Assemble Papers and Open House present the Brutalist Block Party

A new cultural program launching in Melbourne this week seeks to raise awareness and celebrate one of architecture’s most derided and misunderstood movements - Brutalism. 

Running from May 6 – 29, Brutalist Block Party is a series of workshops, talks, dining events and social situations which seeks to activate a concrete-fronted warehouse located at 122 Roseneath Street, Clifton Hill.

The event series is presented by Assemble Papers and Open House Melbourne, and includes a produce market, ping-pong, conceptual dining and architecture talks. The program unfurls amidst a specially commissioned spatial installation by Practise Studio Practise, dubbed Brutalist Bollards and Pillars of Contention.

Urban Melbourne met with Rachel Elliot-Jones, Creative Producer of Assemble Papers and the Brutalist Block Party and Pino Demaio, Creative Director of Assemble, about Assemble's involvement in the 3 week event and the opportunity it presents for interim activation of the brustalist building on site at Roseneath Street prior to development.

Brutalist Block Party - weekly produce market

According to Rachel Elliot-Jones the overarching premise for the series of events was to provide as many different access points as possible so that it's not considered as an event exclusively targeted towards "archi-nerds." Speaking on behalf of archi-nerds the world over Rachel surmised that they would gladly flock to any program based around Brutalism so it's more about spreading the word to the uninitiated, rather than preaching to the converted.

The diversity and accessibility of the various events was also a conscious and deliberate consideration when organising the program for the event series. Additionally the event series is viewed as a community activation project, something that's very relevant to the area and something that excites and invites people into the warehouse space, particularly those in the surrounding community.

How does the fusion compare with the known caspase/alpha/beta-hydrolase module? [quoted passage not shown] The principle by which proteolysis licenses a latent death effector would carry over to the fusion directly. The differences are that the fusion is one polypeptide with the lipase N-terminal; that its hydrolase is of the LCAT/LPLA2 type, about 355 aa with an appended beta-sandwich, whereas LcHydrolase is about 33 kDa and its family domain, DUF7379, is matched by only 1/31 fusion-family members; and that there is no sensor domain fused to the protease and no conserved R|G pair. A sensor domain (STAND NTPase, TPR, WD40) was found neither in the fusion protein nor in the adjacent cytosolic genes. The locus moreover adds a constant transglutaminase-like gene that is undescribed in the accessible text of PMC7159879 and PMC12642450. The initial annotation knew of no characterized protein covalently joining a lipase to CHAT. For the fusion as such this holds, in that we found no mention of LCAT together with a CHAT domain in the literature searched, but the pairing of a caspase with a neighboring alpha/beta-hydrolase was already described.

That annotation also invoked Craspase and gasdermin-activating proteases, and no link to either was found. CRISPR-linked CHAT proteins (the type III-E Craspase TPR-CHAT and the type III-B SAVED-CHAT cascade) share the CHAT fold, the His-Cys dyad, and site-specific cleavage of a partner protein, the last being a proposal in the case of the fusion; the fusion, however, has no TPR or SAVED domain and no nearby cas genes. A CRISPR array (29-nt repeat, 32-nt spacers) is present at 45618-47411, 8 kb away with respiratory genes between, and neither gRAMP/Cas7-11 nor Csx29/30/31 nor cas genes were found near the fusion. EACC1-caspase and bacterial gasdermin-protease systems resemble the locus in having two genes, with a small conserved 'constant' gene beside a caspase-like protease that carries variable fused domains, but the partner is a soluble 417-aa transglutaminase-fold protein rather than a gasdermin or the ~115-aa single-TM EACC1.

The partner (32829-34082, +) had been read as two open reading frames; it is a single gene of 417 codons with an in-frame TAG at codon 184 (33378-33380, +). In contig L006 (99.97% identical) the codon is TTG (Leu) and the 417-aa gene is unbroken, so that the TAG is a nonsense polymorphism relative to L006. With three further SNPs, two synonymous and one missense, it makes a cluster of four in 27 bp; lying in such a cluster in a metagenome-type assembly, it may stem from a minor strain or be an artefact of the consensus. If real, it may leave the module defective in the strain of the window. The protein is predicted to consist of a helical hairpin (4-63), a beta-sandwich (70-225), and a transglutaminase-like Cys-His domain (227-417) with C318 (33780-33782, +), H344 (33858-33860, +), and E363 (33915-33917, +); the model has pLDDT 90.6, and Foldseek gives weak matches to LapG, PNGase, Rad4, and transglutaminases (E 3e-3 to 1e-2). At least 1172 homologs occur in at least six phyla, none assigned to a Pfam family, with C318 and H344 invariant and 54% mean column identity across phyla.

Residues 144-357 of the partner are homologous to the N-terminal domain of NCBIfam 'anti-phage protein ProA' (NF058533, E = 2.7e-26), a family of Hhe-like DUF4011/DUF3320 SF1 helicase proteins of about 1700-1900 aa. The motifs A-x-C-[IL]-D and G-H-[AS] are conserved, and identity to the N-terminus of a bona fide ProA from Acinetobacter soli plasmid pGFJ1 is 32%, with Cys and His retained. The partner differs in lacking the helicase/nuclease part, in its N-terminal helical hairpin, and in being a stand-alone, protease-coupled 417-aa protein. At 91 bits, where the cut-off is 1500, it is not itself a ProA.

The event series has been considered as a site specific response to the concrete-fronted warehouse which currently occupies the site, celebrating the heritage but also involving facets of the community in the program with a number of contributors from within the City of Yarra or Clifton Hill community. 

With Brutalist Block Party we beckon a new appreciation of Brutalism. It is a program designed to engage and inspire the wider community – not just those with a penchant for post-war

We're very keen to celebrate this architectural style but we already appreciate Brutalism; aesthetically and from a social perspective.

So it's about providing the opportunity for people who don't otherwise have an interest in architecture or Brutalism to experience it through music, performance, a dining series and throught the talks which will be very accessible as well.   

Rachel Elliot-Jones, creative producer of Assemble Papers and Brutalist Block Party

Both Pino and Rachel acknowledged that Brutalism tends to cop a bad rap particularly in the media, as well as the lack of Brutalist buildings on the Victorian Heritage Register.

There are currently four on the register with a number of others being considered for inclusion with former Planning Minister Matthew Guy previously weighing in on the inclusion of the former Hoyts Cinema on Bourke Street and Total House car park on Russell Street, describing them as "ugly buildings." 

People use the term brutalist architecture to legitimise ugly buildings, but I don't think we should be saving ugly buildings in Melbourne.  

Then Planning Minister Matthew Guy

Love it or hate it Brutalism is generally considered in the context of form or aesthetic but there's also a social agenda affiliated with the movement that is sometimes forgotten, says Rachel. One of the talks during the series looks at a number of contemporary buildings which may be classified as new Brutalism, not necessarily in terms of their form or aesthetic relative to the style but rather from the positive social agendas they are promoting.

This member of Urban Melbourne in particular is looking forward to Brutal Pong this Friday night and will be dressed in the appropriate attire - headbands and sweatbands to feature prominently.

Hotel Hotel presents the sound of Brutalism.


A very brutal beginning. Take up a paddle in the Brutal Pong tournament – presented by Archipong – with sound curation by much-loved Melbourne local record label institution Chapter Music. Tonight also marks the opening of The Brutalist Bar and the unveiling of Brutalist Bollards and Pillars of Contention.